In June of 1878, a gold rush occurred in the Bear Paw (or Bears Paw) Mountains, an outlier range in northcentral Montana and at that time within the Blackfoot Reserve. Gold had been found in the 1860's in prospects, but there was not enough was to warrant further developments. However, on June 14, 1878, the Benton Record described a secret discovery that had just been revealed and nearly every able-bodied man in Fort Benton was making ready to head for the new placers (Wolle 1963; Benton Record 1878).
Bear Paw Mountain streams were at first worked with pan and sluice. Some coarse gold was recovered, but the return on the effort was poor. Because the miners were essentially trespassing on Indian lands, the men worked with the constant danger from Indian attack. One prospector, "Old Man Lloyd", discovered a vein of argentiferous galena that ran 56 to 69 percent lead and many ounces of silver per ton. He dug a 60 foot shaft and found the deposit grew wider and richer with depth. He named the mine the Black Diamond, went to Fort Benton to record the claim and returned to find Indians in possession of his mine. After a violent encounter, he returned to Fort Benton and sold the mine (Wolle 1963; River Press 1888).
For most of the 1880's, the placers were illegally operating on reservation land, and no production was officially recorded. Indeed, Lyden (1948) reported no historic placers in the Bearpaw mining district. In 1888, part of the reservation was opened to the miners and a second rush to the district occurred. Ditches were dug and hydraulic mining began. Ordinary sluice boxes were said to recover from $2 to $3 per man and the better claims returned $4 to $6 per day.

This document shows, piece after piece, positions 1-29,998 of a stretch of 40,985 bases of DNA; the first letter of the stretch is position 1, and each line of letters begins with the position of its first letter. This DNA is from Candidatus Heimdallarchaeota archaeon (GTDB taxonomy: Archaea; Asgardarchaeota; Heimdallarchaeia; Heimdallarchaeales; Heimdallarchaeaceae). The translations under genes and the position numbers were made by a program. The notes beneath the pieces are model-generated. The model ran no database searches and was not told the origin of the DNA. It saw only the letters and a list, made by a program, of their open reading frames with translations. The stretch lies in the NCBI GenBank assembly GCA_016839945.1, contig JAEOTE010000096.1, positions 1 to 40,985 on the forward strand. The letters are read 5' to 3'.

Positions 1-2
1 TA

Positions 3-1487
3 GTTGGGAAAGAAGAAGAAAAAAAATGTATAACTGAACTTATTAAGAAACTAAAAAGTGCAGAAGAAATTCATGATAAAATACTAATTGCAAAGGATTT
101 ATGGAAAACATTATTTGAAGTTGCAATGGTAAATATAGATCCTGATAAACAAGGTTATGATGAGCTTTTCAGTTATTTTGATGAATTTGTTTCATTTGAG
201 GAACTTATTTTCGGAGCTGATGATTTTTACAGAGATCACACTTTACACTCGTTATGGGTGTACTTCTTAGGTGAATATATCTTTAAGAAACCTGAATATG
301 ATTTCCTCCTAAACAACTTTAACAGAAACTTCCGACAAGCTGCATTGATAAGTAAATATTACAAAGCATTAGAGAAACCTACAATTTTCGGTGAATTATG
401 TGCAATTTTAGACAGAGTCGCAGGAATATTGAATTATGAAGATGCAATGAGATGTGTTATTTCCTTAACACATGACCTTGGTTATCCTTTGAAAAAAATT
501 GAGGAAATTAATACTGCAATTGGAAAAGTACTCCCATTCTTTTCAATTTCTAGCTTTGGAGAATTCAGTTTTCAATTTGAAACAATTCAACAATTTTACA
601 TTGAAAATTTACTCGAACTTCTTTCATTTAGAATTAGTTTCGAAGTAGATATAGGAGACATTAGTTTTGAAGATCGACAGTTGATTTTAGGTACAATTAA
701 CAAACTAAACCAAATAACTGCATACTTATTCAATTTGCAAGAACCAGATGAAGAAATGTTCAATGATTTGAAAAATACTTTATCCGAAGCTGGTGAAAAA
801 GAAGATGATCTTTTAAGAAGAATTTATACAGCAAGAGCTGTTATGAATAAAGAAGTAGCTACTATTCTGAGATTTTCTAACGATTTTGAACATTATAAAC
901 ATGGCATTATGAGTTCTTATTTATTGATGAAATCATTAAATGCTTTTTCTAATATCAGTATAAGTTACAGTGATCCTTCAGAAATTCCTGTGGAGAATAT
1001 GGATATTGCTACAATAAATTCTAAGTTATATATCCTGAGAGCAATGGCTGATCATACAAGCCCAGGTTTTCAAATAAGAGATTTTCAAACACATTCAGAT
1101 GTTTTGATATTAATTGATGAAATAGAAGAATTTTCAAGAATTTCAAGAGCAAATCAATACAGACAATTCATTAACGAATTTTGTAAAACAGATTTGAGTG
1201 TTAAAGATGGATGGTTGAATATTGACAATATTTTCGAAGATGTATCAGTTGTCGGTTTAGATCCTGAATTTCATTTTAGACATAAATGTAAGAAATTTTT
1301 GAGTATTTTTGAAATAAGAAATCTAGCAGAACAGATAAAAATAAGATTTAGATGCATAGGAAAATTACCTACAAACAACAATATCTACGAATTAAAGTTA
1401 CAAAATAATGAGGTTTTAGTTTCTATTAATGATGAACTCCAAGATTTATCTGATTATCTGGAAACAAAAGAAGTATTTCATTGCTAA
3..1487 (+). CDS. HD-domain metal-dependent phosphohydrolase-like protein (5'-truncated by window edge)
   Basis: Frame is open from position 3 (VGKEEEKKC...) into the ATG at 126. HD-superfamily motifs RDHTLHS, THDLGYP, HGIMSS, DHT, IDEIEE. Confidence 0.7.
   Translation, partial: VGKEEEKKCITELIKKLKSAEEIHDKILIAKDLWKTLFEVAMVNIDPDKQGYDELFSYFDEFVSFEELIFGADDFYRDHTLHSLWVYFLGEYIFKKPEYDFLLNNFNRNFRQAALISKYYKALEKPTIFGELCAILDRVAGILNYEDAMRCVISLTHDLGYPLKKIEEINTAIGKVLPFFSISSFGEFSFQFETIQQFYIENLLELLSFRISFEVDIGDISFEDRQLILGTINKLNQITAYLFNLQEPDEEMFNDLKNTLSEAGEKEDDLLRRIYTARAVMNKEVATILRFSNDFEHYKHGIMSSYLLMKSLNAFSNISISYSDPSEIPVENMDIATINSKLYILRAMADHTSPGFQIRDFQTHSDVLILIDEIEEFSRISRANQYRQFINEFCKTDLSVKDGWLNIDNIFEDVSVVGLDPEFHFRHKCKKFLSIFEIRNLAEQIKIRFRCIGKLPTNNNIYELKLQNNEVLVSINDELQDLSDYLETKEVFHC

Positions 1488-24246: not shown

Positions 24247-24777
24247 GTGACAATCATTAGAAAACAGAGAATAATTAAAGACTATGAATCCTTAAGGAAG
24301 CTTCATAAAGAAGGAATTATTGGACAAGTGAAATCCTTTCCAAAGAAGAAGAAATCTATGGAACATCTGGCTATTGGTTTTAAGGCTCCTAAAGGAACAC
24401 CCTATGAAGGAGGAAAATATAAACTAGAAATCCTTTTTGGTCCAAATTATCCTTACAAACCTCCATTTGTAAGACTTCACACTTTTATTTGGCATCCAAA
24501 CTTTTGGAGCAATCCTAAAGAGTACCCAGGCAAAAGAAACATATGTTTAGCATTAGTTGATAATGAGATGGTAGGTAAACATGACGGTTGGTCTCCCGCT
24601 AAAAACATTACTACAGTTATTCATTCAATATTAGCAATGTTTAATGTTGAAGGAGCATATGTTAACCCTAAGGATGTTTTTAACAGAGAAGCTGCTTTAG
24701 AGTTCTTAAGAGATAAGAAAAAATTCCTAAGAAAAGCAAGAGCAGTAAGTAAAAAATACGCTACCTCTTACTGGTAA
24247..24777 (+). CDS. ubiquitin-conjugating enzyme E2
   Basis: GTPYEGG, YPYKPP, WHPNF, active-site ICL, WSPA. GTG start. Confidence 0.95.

The placer gold came from numerous veins in Cretaceous sediments and Tertiary volcanic rock. These veins were both small and narrow (Sahinen 1935).
The principle mineral prospects were located in the peripheries of old volcanic necks and stocks within the zone of altered sediments. These metamorphosed shales, with the intruded dikes and sheets, formed some of the principal ridges and divides of the district. The mineralization occurred along shear zones, breccia zones, joints, and small fractures that were in part due to the intrusion of the igneous masses. The ore materials consisted almost entirely of sulphides, which were probably precipitated from hot ascending waters. The veins were usually associated with dikes or sills which cut the sediments and both intrusive and extrusive igneous rocks.